WESTFORD — The legislature has extended emergency provisions allowing government bodies to continue to meet online.
Open Meeting Law provisions suspended
On March 12, 2020, Gov. Charlie Baker signed an executive order suspending sections of the Open Meeting Law. These changes allowed government bodies to provide “adequate, alternative means” for public access as well as allowing boards to host meetings virtually. Normally, boards must host meetings in a location accessible to the public.
On Feb. 15, 2022, Gov. Baker extended these provisions, which expired on July 15. The legislature extended the measure until March 31, 2023, after both chambers were unable to reconcile their legislation.
Legislation in the Senate would have extended these measures until Dec. 15, 2023, while legislation in the House would extended these measures until March 31, 2023 and amend the Open Meeting Law to require public bodies to permanently conduct hybrid meetings.
Legislators extend measures, local officials relieved
The legislature could not reconcile both bills in time for the July 15 deadline, and a temporary measure was passed on July 16 to extend the provisions until March 31, 2023.
Multiple boards have already begun hosting in-person meetings, such as the Conservation Commission and Zoning Board of Appeals, which returned in-person in late spring of last year. The Select Board and Board of Health have continued to meet online.
Town Manager Jodi Ross expressed support for the recent extension, citing convenience as boards compete over meeting space.
“Many of our town boards are delighted the State Legislature voted to approve the Remote Meeting Extension Bill so we may retain the option to hold public meetings remotely through March 31, 2023,” she told WestfordCAT in an email. “The convenience of allowing public bodies to meet remotely has helped our approximately 80 plus boards/committees hold numerous public meetings without trying to find limited meeting rooms.”
Ross also cited increase accessibility, as participation from members of the community has increased with increase options for participation.
“This practice has also allowed many more individuals to participate in public meetings from the comfort of their homes,” she said.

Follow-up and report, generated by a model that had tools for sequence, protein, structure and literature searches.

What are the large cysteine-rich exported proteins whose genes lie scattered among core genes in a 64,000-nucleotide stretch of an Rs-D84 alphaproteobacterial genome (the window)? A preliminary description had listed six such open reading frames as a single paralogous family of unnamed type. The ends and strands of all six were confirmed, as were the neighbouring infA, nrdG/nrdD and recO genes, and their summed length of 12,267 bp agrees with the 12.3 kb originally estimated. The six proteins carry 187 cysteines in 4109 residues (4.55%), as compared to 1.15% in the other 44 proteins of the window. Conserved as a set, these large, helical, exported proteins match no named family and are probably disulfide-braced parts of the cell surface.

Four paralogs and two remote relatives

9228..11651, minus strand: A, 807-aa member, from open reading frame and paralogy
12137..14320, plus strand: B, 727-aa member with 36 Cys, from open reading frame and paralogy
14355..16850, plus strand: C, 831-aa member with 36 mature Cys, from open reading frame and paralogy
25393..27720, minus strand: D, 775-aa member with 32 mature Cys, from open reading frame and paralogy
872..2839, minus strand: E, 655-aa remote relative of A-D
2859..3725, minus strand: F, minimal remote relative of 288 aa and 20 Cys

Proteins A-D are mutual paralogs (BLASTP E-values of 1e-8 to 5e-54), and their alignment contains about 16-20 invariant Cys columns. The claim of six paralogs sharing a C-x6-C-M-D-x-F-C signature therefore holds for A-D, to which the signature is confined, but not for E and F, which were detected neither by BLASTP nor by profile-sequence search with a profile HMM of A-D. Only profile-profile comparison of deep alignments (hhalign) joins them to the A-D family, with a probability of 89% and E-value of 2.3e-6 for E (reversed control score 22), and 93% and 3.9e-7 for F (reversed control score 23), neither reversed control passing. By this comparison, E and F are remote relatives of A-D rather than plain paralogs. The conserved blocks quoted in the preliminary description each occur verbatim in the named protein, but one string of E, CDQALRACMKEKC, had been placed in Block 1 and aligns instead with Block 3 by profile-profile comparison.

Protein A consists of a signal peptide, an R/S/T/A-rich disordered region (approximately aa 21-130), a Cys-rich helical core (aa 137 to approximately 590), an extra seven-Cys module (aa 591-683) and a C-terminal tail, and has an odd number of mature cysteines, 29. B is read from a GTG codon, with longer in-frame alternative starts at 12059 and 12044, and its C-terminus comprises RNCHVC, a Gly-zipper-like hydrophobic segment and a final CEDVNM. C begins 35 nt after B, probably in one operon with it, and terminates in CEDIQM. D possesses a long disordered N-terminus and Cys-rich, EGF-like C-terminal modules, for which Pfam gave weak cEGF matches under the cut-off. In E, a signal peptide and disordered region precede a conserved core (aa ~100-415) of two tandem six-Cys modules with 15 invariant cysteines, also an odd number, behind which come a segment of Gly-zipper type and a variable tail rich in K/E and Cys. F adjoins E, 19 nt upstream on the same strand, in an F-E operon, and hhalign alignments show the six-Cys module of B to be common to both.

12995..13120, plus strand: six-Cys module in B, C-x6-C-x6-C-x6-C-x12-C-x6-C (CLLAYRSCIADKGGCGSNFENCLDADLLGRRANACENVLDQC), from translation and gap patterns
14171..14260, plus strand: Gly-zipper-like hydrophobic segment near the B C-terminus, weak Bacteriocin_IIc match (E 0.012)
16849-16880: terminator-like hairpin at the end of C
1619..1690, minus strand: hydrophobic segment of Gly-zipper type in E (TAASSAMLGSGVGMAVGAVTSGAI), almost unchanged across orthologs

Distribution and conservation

Even with increased participation, Ross notes the reduction of in-person meetings has reduced the town’s carbon footprint.
“There has also been a positive impact on our town and Commonwealth’s Sustainability Goals by not requiring every attendee to be driving cars to and from meetings, some many miles away,” she said.
She continued, “I feel this is an essential part of government for now and into the future.”
Stakeholders push for permanent change
The current extension, which expires April 1, 2023, did not include a mandate for permanent hybrid meetings, which was included in the original house bill.
This requirement, advocates say, would be difficult to implement without proper funding.
The Massachusetts Municipal Association, an organization representing 351 cities in towns in Massachusetts, worked with lawmakers to remove the requirement.
“The MMA worked with its members and stakeholders across the Commonwealth to clarify that, despite the good intentions of the House bill, such an unfunded mandate presented unworkable financial, technological, logistical, and practical challenges for cities and towns,” the organization wrote in a news release.
Advocates hope to have permanent hybrid and remote access included in a later bill, citing accessibility concerns and increased participation among members of the community.
“The MMA will continue to push for a permanent solution that gives municipalities the flexibility and funding they will need to expand participation and engagement through remote and hybrid meetings,” the organization wrote.
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